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Making the summer work for everyone as a working mum to children who have a high need for structure

Updated: Jul 27, 2021

As mum to two lively children (10 and 11) and a business owner to boot, I do find that the 6-week summer holiday can be a challenging time for all of us for a number of reasons. My husband works full-time and can take a little time off which is of course very welcome (!), but ultimately as the one with the ‘flexible’ working situation (i.e. my own business), it’s up to me to manage most of the holiday day-to-day. I’m well aware that your family and work situation may look completely different, perhaps it's even more squeezed than mine, or maybe your family dynamic allows for a bit more flexibility in managing this balance, but I’m sharing this in case it is helpful in some shape or form as food for thought...

If I don’t strike the right balance to enable time for nurturing relationships, undertaking self-care, and time for my business (client hours, networking, and business planning and development), things can veer off course very quickly!

While the summer break of course presents a great opportunity for some quality family time together, my children have a particularly strong need for structure and to know what they are doing from day to day - they can really struggle and become overwhelmed quickly without some sort of guide, so perhaps that intensifies the need for me to plan out as much as I can, or at least have something to say when they ask first thing each morning ‘what are we doing today?’ and expect Mum to be firmly in the driving seat. They can also cope with a little independent down time, but start climbing the walls if they don’t get regular check-ins, feedback from or time in with an attuned adult.

The Master Visual

I find that mapping out the break in its entirety (starting around a month before to ensure time for booking childcare and holiday clubs) is a helpful exercise, and I do this via a simple plan that goes up on the wall for the children (business planning & my own self-care plans stay within my own online calendar so as not to interfere with the simplicity of the plan for the kids - this is their 'need to know' document essentially).

I start with pencilling ideas in and assessing the balance of activities at a glance as I go, then as bookings and dates are confirmed I make it a colourful timetable and pin it up as school finishes. It’s not a detailed plan so there’s some scope for flexibility within certain days, and I add to it as we move through the days and weeks; but as an overview, it allows me to try to get some sort of balance for all of us so all our needs are met to a point.

Here are some of the criteria I keep in mind as I’m working on our summer plan:

Relationships & connection

· Is there enough quality family time for all of us? (kids with myself and/or my husband) or extended family time (with grandparents, uncle etc.)

· Are there some opportunities for the kids to mix with peers in manageable doses for them? Playdates, days out with family friends, clubs.

· Are there opportunities for the children to spend time independently of one another? (their intense relationship is wonderful in many ways, but they definitely benefit from some time apart from time to time)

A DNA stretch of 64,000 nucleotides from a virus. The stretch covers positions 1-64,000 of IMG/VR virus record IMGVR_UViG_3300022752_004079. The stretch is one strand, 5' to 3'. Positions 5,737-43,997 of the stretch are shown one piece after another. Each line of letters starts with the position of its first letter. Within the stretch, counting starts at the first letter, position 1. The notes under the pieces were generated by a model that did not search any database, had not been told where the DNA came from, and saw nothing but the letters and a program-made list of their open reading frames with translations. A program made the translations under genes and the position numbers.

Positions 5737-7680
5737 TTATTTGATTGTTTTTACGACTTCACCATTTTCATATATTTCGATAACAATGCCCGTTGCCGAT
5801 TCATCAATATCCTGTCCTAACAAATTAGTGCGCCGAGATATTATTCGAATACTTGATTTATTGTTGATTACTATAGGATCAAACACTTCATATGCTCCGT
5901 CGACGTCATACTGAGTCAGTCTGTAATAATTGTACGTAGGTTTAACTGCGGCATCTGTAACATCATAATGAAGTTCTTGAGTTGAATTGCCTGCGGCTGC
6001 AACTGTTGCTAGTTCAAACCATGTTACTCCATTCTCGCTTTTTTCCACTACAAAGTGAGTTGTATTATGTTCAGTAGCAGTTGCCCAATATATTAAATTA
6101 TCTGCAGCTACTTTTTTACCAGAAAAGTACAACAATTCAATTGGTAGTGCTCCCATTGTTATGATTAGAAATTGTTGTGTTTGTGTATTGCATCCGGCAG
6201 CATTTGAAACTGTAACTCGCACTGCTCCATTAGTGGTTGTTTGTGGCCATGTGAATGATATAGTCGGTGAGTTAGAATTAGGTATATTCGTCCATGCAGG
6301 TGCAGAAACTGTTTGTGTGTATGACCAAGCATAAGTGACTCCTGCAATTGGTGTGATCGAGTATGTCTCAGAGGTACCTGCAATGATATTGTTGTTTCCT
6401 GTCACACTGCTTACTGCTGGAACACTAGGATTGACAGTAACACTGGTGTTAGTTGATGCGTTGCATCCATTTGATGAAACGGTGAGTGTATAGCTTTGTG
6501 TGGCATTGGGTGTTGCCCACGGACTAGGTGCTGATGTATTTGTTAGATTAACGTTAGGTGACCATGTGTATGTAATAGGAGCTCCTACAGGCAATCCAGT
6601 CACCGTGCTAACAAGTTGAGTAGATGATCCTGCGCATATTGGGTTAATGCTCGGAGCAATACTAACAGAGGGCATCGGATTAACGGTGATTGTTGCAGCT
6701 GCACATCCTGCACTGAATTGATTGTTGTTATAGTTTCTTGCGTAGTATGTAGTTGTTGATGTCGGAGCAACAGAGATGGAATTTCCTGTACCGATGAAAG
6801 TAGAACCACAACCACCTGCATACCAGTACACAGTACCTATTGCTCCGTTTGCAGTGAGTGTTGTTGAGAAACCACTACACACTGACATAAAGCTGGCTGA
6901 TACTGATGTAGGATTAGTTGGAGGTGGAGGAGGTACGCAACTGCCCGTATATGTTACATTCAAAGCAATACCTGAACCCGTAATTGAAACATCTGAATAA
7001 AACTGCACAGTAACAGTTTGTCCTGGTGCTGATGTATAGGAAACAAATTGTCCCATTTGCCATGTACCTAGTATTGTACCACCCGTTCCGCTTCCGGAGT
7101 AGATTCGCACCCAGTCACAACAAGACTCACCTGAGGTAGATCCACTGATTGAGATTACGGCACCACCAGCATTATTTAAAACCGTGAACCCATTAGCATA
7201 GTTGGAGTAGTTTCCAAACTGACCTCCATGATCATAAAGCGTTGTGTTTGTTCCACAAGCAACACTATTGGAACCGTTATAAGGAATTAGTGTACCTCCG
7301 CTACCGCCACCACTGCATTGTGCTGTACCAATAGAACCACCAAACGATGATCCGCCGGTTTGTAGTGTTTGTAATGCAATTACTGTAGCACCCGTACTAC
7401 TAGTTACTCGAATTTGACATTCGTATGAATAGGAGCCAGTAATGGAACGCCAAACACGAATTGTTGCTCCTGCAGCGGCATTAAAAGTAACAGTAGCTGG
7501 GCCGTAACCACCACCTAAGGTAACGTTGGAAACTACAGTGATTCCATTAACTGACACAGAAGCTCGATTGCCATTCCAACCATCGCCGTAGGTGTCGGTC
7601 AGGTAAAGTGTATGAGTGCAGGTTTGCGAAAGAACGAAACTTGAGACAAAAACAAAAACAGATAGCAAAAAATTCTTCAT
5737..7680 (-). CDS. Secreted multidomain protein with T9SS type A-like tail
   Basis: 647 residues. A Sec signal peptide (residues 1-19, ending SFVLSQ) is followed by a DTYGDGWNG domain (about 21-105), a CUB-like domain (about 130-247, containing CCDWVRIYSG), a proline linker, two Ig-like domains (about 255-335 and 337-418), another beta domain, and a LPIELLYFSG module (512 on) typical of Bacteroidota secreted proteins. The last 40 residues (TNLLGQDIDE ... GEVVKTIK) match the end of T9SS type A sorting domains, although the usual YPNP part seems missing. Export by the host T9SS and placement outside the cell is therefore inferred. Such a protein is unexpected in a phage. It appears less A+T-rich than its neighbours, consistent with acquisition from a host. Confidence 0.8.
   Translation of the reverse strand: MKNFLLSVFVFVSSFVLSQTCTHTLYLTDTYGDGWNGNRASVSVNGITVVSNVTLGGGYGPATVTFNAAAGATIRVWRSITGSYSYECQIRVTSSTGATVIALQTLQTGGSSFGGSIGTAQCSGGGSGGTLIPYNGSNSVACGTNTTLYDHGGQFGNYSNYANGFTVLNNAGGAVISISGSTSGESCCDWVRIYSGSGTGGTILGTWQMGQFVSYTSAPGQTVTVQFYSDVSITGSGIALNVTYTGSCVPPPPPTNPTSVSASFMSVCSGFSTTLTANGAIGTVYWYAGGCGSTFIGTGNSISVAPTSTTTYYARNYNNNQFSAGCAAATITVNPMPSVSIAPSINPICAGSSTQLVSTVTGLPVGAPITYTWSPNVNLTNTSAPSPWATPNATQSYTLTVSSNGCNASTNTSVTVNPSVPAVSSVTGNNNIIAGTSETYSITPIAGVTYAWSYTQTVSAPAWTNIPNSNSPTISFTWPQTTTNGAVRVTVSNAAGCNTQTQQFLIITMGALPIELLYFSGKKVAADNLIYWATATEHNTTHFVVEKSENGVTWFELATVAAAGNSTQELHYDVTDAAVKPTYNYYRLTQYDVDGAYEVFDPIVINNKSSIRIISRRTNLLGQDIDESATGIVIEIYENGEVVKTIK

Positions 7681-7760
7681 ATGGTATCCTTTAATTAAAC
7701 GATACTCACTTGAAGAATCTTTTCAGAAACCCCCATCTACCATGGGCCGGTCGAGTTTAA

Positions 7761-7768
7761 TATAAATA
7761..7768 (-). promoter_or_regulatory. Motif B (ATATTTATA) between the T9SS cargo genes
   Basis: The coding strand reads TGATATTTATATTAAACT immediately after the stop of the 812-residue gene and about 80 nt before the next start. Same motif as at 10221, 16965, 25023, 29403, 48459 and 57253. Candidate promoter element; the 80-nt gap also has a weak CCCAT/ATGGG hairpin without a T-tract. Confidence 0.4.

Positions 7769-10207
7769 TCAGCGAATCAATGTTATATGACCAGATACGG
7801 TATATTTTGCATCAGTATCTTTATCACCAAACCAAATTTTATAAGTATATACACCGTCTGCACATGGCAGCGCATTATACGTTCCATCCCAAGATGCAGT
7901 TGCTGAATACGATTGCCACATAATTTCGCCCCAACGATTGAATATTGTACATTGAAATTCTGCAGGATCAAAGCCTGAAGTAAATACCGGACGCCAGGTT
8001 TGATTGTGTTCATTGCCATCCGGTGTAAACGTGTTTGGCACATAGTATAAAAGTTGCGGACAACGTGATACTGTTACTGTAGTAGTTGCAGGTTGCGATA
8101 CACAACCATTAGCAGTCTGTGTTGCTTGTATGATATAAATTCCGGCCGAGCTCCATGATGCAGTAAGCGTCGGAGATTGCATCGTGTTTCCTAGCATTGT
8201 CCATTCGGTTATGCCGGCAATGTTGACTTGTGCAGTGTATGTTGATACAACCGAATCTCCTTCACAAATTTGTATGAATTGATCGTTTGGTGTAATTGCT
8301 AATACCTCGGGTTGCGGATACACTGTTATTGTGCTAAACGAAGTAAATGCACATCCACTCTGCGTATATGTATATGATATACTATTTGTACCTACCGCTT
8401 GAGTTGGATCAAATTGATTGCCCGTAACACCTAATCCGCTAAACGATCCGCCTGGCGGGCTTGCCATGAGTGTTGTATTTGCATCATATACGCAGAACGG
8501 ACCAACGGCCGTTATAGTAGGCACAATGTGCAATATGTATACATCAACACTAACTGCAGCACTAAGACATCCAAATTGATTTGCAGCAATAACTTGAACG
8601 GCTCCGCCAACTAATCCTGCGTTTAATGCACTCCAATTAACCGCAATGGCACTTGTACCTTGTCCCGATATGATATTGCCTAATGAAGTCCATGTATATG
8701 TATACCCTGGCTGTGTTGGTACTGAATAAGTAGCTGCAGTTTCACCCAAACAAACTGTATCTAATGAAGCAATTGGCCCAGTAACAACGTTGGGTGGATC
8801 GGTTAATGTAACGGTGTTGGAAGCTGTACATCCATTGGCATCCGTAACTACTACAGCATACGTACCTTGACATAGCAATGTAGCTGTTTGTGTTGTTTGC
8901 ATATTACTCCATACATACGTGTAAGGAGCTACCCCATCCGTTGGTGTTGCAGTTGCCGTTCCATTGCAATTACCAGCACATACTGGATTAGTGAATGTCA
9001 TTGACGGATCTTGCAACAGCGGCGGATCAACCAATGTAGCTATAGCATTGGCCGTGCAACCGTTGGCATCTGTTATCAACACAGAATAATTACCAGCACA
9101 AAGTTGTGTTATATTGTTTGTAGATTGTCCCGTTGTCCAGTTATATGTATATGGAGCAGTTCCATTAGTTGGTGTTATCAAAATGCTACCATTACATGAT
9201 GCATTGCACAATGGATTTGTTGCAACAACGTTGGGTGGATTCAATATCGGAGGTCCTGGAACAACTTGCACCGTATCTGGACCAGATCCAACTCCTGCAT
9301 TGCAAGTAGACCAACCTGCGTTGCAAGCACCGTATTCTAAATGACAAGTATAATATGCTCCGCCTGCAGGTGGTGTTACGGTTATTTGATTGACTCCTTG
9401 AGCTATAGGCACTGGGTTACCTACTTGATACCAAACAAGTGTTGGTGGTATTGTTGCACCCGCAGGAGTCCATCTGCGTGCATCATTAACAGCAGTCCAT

· Are there enough touch points with school at holiday club? (helps with continuity throughout the holidays during that limbo time between old and new classes, as transitions can be particularly challenging for my children – structured, and familiar environment/staff/classmates)

· Are there opportunities for my husband and I to grab a date night or two?

Structure & routine

· Does the plan allow us to stick with the basic routines that the kids need in terms of 3 meals a day at around the same time and the same regular bed time? (with occasional late one, inevitably)

· Are there enough structured and familiar activities in place to help the kids manage the ups and downs of the holidays?

· How affordable are the club-based activities? Keep an eye on costs as they can mount up quickly.

Thinking about regulation & looking after ourselves (for all of us)

· Are there days earmarked for some self-care for myself and/or my husband? e.g. getting along to vocal coaching, exercising, drinks with friends.

· Is there enough flexibility for us all to have some down time at home, for the children to choose what they'd like to do for a day, or just to take the dog out for a nice, long walk?

· Are there some enrichment activities thrown in for the kids that they are comfortable enough with? (Looking to gently extend my childrens’ windows of tolerance means introducing new, manageable and well-supported activities carefully when opportunities present themselves…)


· Are there enough days covered by childcare and spaced out appropriately each week for me to manage my client workload and any meetings?

· Are there enough hours covered by childcare for me to do some real business development work each week?

· Are there any networking events I really need to try to get to?

Some days this very structured approach can feel restrictive, and it’s almost impossible to keep everyone happy all of the time, but I’d say the thought that has gone into it up front has been key to getting us all through a long summer in previous years, and is tried and tested as something that works within the dynamics of our little unit due to the high need for structure for our children..

Do you find yourself considering any other criteria when planning the summer break to keep the kids happy, and manage other relationships, self-care and work, or are you able to go with the flow a bit more? Would love to hear your views and approaches...

I work with professionals and parent/carers to support children who have experienced early trauma. For further information, see What I Do.


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